Our inspections are very thorough and that’s what Albertans should expect from us as a regulator. We work well with industry to make sure things are done right in order to protect the public and the environment.
Delving Into the Details
How one AER inspector gets to the nitty gritty of pipeline construction
Ask any field inspector what they like about their job and you’ll likely get a similar response: working with industry folks who just “get it.”
This past fall, Phil Didow, an Alberta Energy Regulator (AER) field inspector out of the Midnapore Field Centre, spent an afternoon inspecting an ATCO Gas and Pipelines Ltd. project in southwest Calgary. The initiative is one of the company’s largest utility pipeline replacement and upgrade projects.
The project will surround the entire city of Calgary with a new natural gas pipeline network that will modernize the system and add capacity to meet Calgarians’ growing demand for natural gas.
“I have a good relationship with these guys. They know what we require from them, and for the most part they deliver. It’s not like we are trying to make things difficult for them—we are just doing our jobs, in the same way that they’re doing their jobs,” says Didow of the ATCO crew on this project—a group who get it.
The AER is not responsible for overseeing maintenance and development of provincial utility lines, although it does have a memorandum of understanding with the Alberta Utilities Commission (AUC) to inspect pipelines and respond to incidents on the AUC’s behalf.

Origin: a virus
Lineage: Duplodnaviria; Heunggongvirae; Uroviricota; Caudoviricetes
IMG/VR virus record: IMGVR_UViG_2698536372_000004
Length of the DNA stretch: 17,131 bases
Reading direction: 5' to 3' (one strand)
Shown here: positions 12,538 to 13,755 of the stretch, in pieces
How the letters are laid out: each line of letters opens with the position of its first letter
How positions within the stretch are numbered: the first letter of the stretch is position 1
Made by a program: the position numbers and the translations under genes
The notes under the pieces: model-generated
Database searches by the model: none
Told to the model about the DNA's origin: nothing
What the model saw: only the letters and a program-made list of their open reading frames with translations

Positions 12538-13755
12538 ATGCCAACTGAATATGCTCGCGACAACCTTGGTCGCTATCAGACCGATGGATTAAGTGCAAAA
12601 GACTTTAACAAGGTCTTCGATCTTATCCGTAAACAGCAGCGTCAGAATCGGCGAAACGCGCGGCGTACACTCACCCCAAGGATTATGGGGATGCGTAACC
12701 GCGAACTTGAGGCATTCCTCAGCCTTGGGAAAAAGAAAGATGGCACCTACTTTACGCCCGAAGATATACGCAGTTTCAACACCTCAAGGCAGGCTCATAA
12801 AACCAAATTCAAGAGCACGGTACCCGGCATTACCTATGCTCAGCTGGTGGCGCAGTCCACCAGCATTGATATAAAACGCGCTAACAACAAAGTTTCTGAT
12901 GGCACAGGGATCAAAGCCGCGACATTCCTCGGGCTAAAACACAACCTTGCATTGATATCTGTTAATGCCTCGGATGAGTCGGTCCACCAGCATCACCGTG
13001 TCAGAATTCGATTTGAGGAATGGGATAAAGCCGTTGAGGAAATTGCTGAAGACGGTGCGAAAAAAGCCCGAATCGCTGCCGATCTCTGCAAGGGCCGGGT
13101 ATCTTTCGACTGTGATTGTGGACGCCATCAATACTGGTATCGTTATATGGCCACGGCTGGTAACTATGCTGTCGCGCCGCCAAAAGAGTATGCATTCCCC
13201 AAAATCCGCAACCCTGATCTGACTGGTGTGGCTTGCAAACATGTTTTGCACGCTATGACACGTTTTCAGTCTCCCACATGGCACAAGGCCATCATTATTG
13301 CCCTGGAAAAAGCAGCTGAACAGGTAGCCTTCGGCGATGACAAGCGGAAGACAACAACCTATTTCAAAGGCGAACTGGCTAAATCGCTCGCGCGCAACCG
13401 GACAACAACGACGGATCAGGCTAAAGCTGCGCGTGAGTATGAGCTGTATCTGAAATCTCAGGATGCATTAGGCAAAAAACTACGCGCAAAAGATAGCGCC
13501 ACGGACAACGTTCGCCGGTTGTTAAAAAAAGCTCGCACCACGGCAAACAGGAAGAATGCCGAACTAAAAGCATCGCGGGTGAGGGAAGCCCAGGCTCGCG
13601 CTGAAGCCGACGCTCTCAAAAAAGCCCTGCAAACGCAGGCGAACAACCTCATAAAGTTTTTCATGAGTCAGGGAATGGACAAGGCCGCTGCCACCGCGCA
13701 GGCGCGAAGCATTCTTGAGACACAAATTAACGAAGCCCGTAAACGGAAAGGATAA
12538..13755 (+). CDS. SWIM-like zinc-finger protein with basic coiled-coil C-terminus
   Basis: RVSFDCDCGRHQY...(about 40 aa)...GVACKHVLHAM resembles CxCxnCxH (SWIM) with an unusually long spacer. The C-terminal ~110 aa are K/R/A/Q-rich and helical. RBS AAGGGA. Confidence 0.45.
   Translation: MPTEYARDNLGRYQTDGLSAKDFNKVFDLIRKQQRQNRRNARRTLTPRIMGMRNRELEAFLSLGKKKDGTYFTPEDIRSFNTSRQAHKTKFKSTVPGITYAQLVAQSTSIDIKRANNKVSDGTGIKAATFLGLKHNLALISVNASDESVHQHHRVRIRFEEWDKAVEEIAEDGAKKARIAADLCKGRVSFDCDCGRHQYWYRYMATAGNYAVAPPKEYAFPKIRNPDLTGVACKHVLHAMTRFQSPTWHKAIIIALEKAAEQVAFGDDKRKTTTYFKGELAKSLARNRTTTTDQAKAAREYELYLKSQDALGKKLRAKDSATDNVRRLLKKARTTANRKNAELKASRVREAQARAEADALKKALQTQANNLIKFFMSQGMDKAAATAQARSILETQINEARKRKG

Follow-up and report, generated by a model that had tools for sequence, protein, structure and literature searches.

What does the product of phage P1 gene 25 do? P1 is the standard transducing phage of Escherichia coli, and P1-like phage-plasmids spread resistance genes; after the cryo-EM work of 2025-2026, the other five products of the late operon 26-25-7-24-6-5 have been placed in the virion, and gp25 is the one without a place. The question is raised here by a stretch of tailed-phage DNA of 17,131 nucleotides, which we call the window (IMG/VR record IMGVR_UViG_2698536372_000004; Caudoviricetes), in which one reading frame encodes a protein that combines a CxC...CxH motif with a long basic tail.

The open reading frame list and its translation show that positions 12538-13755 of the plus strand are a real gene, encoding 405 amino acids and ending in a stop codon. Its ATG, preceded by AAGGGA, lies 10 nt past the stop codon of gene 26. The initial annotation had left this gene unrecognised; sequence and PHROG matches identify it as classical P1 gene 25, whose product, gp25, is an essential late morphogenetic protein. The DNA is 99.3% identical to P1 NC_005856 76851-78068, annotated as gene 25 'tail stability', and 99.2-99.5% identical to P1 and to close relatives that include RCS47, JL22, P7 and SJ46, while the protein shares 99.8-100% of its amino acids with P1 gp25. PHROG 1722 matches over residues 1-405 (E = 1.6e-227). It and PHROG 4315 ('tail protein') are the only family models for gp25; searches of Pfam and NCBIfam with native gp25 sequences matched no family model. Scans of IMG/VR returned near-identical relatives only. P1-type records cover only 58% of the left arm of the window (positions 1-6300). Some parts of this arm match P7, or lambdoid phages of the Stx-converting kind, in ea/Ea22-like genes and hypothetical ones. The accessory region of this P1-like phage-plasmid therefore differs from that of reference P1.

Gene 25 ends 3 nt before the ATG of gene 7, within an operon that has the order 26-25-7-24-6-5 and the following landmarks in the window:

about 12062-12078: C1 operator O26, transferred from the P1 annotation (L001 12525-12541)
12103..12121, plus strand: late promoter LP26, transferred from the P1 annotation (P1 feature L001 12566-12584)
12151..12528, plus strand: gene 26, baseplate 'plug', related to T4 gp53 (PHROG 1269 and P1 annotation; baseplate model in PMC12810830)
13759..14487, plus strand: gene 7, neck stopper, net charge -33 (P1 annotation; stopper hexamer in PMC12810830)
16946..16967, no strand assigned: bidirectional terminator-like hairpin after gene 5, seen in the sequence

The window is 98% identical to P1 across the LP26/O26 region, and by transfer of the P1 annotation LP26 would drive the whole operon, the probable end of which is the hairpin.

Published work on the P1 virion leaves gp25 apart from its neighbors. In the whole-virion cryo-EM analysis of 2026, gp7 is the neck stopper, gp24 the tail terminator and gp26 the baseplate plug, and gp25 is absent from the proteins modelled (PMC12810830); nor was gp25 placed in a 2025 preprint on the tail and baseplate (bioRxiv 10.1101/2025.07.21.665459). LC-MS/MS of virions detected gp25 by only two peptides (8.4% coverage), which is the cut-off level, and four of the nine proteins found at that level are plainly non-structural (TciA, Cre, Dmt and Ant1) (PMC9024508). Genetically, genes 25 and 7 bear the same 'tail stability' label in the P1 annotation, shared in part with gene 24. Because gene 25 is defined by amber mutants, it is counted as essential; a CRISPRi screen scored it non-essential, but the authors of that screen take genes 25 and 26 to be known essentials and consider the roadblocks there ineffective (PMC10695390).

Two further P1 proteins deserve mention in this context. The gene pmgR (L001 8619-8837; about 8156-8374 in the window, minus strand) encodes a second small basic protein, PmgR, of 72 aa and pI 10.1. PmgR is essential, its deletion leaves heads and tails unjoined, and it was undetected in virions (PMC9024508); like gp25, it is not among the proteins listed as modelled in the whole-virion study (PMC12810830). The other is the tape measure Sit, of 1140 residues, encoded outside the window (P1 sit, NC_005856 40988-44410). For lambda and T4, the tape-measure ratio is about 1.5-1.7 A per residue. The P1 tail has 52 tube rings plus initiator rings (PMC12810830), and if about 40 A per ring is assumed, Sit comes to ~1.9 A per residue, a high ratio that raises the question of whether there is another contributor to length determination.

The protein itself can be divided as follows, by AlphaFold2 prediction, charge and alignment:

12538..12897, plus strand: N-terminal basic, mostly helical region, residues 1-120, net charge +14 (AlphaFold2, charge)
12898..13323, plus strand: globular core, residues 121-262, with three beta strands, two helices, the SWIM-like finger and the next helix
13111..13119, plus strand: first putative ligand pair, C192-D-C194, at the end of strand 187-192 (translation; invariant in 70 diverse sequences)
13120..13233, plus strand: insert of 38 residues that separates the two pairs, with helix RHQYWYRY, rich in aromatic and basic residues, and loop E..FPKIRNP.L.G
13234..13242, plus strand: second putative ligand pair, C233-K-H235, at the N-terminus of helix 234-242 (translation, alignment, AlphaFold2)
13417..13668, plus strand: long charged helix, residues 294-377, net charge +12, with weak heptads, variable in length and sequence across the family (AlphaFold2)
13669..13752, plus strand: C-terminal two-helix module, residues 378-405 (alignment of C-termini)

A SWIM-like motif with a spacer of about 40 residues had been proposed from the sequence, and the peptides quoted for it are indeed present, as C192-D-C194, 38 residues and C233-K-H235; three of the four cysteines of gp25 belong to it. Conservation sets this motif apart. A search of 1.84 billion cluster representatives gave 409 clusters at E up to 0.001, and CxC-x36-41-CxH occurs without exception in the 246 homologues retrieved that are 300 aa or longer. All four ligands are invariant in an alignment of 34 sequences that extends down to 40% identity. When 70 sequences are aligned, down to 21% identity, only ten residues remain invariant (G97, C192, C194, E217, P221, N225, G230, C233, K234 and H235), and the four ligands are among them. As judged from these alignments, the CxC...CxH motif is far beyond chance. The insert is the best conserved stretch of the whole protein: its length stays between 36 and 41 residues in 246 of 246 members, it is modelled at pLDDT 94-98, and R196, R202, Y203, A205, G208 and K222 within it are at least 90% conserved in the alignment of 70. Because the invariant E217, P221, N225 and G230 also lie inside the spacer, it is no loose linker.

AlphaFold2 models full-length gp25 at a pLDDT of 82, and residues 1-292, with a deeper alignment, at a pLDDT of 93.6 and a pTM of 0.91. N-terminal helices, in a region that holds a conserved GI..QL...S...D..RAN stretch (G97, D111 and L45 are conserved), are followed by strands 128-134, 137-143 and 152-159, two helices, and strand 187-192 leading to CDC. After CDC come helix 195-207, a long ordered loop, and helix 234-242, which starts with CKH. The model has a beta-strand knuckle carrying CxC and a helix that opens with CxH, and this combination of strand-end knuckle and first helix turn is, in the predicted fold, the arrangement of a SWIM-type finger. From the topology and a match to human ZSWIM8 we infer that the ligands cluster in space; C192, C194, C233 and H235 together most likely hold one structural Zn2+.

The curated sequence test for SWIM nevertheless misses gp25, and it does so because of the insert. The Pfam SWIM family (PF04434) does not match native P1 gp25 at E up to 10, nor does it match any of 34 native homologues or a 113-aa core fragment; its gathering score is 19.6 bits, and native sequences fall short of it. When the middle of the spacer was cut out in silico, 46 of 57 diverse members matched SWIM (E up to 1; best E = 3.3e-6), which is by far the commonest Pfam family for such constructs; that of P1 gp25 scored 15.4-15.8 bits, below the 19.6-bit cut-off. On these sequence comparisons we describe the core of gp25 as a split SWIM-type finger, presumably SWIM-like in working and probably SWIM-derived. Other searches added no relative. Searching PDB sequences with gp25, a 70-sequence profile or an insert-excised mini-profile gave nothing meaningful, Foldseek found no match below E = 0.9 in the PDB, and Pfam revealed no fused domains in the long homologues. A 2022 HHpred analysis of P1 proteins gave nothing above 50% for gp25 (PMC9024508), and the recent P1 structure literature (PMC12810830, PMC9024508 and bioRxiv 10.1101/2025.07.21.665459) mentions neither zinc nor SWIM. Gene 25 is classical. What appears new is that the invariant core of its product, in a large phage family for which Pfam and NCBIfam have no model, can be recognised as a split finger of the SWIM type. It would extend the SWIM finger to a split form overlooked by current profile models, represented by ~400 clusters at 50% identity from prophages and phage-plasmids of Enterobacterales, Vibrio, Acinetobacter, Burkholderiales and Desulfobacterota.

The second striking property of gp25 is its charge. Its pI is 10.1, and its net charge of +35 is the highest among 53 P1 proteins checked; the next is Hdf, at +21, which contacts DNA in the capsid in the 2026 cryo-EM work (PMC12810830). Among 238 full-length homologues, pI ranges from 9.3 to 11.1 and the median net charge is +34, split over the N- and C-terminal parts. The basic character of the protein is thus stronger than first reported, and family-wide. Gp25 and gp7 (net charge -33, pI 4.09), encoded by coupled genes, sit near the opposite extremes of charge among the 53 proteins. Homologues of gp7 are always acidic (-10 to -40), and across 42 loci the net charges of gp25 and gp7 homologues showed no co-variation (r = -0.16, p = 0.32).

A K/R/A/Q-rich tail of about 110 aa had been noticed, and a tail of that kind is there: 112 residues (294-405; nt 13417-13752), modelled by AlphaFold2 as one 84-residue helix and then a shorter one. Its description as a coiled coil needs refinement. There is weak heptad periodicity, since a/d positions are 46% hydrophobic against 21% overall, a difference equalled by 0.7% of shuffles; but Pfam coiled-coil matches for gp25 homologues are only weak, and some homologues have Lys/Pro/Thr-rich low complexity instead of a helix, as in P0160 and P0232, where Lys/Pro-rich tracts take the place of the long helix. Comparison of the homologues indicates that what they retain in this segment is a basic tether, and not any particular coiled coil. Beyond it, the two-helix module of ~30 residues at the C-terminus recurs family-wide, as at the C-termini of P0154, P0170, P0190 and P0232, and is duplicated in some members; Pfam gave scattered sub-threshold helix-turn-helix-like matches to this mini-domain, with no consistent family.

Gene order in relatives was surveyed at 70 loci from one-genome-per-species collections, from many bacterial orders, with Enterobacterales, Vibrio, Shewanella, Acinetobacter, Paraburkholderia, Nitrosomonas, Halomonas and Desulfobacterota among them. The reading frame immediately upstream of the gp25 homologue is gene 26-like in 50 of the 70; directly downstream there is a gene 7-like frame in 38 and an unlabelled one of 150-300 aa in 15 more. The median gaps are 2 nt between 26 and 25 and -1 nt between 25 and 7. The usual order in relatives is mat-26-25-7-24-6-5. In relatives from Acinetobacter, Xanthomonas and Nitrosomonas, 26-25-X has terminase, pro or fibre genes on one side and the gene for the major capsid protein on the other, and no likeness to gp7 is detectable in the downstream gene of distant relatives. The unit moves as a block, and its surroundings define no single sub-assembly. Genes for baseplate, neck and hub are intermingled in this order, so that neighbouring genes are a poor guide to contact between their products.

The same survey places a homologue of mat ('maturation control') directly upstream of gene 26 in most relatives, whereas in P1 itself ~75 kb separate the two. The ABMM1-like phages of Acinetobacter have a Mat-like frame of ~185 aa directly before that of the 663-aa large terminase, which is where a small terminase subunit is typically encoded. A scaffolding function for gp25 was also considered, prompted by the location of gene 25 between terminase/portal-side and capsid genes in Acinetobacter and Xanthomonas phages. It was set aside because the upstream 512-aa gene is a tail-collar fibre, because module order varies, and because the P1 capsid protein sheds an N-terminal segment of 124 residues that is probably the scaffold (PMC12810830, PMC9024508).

While physically inspecting the pipeline is a critical part of the exercise, Didow notes that there is also a lot of work that goes on behind the scenes. AER inspectors spend many hours reviewing pipeline data, reports, and records before the inspection day. During the inspection, AER staff ask questions and converse with workers while observing the work—taking notes and snapping photos.
“Nothing is more valuable than a photo in this line of work. A picture is worth a thousand words,” he adds.
Each inspection is unique. On this day, Didow inspected 45 separate AER requirements related to pipeline construction. A report detailing the findings was then submitted to the company.
“Our inspections are very thorough, and that’s what Albertans should expect from us as a regulator. We work well with industry to make sure things are done right in order to protect the public and the environment. And when they’re not done right, we educate industry on our requirements and ensure it is corrected to our satisfaction,” adds Didow.